Category Archives: Brewing

Braunschweiger Mumme

As for the mum of Brunswick, which enjoys a traditional reputation on this side of the water, because it had the good luck to be shut out by high duties, and has thus escaped detection, it is a villainous compound, somewhat of the colour and consistency of tar – a thing to be eaten with a knife and fork.

So proclaimed a disappointed Charles Knight in 1843.

I have long had a passing interest in the old beer Mumme or mum, supposedly named in 1492 CE after its German inventor Christian Mumme in Braunschweig (Brunswick), and then going on to become the most popular and widely distributed wheat beer in northern Germany for over two centuries. Mumme was a bitter brown beer very similar to Keutebier: syrupy, thick and strong, an ale usually brewed with two thirds wheat to one third barley malt, but with some recipes putting the ratio as high as one part barley to eight parts wheat. It could be brewed at extremely high gravities, i.e. OG 1200.

It was often divided into two substyles: Stadtmumme (lower ABV) and Schiffmumme (higher ABV), with less common varieties such as Cherry Mumme also brewed. Schiffmumme in particular was exported to Great Britain, the Netherlands and even to India. It did well on long voyages as it was extremely full-bodied with large amounts of residual sugars. Although early Brunswick recipes of Mumme used herbs for bittering, it is claimed that eventually Mumme came to be the first German beer to have been brewed with only hops and no other herbs; making it possibly the first post-gruit German beer!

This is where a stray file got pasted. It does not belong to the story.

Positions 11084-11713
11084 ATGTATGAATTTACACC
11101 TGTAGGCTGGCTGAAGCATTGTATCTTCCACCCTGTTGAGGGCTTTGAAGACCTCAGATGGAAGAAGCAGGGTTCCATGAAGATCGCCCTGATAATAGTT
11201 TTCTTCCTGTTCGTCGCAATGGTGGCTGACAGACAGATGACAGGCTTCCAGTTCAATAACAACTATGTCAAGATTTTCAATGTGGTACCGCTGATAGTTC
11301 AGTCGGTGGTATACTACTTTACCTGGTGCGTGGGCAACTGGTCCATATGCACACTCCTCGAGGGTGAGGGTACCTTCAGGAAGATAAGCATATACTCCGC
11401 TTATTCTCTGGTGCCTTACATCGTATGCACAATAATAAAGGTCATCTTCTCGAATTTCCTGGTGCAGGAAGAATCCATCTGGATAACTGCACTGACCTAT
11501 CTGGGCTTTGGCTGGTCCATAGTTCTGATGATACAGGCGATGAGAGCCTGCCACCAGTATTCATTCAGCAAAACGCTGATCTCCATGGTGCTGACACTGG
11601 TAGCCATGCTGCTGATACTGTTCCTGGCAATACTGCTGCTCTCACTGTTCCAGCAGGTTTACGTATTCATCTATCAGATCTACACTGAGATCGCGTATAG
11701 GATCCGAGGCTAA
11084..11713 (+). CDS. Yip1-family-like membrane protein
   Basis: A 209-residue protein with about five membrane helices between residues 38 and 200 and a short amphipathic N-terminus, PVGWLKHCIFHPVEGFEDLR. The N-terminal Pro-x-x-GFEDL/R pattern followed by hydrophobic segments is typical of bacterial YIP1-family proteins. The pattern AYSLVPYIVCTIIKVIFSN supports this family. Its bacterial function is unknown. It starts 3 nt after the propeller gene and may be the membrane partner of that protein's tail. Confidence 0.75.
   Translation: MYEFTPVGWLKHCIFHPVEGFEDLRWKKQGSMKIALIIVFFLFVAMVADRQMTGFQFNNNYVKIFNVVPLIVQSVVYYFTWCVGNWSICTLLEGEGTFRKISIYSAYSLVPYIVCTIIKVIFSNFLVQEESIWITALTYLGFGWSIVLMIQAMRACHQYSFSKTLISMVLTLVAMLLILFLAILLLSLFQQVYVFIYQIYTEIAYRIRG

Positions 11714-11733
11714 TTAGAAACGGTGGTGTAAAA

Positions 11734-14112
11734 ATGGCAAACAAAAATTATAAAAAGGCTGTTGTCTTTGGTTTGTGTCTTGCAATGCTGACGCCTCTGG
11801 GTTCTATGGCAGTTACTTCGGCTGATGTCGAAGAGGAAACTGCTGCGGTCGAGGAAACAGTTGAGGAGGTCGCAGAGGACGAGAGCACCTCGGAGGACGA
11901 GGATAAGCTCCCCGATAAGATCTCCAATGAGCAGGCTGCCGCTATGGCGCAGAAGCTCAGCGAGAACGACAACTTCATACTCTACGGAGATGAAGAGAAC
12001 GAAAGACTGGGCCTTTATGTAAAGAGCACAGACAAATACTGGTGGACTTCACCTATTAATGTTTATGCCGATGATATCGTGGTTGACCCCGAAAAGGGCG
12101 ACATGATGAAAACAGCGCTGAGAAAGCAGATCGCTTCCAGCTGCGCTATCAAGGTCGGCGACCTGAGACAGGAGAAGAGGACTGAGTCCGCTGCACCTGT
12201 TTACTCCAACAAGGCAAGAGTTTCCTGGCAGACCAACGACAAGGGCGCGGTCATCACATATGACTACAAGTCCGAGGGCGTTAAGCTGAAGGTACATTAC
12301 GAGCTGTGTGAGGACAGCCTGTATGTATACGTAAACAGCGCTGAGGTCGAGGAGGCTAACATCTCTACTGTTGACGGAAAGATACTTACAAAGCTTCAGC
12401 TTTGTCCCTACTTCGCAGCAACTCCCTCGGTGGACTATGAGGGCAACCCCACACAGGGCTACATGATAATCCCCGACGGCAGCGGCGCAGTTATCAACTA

(I specify German because an English recipe for “mum” dating from late in the 17th century still used gruit – with weird constituents too: betony, marjoram, pennyroyal, wild thyme, elderflowers, cardamom, barberries, fir, birch, sundew, blessed thistle, etc. This is consistent with England’s, overall, less enthusiastic uptake of the hop when compared to Western Europe. So it is unlikely Mumme was the first hopped English beer. Oh yeah, and for whatever reason the English recipe also has legumes in the mash.)

Unfortunately most Mumme has, since the 19th century, been brewed sans-alcohol. The style has made a partial comeback in the last twenty years – as have many historic styles – but is mostly brewed as limited release or small batch varieties. There are only a few places regularly brewing Mumme.

I would love to find direct evidence of the Christian Mumme namesake connection, being a Mumme descendant myself through my mother’s side (and less interestingly, also a descendant of many heavy drinkers in the suburb of Brunswick, Melbourne…) – but alas it appears elusive. Historians have encountered the beer “mum” in numerous historical sources prior to 1492 CE, stretching back to 1282 CE, lowering the likelihood of the Mumme family connection considerably, but I remain undaunted. Maybe the family was named after the beer?

In some ways I’d prefer that!

For now my Mumme beer-family quest will continue. Many other people out there know a lot about this beer, and the way I see it, it is only a matter of time and energy before I learn from them.

Perhaps Braunschweig itself is the place to start? Every November the city holds a weekend event called mummegenussmeile which supposedly transports visitors to the world of Braunschweiger Mumme, with Mumme-inspired food and other products on offer. November 2015 may be out, but perhaps I can make it in 2016. Something to think about!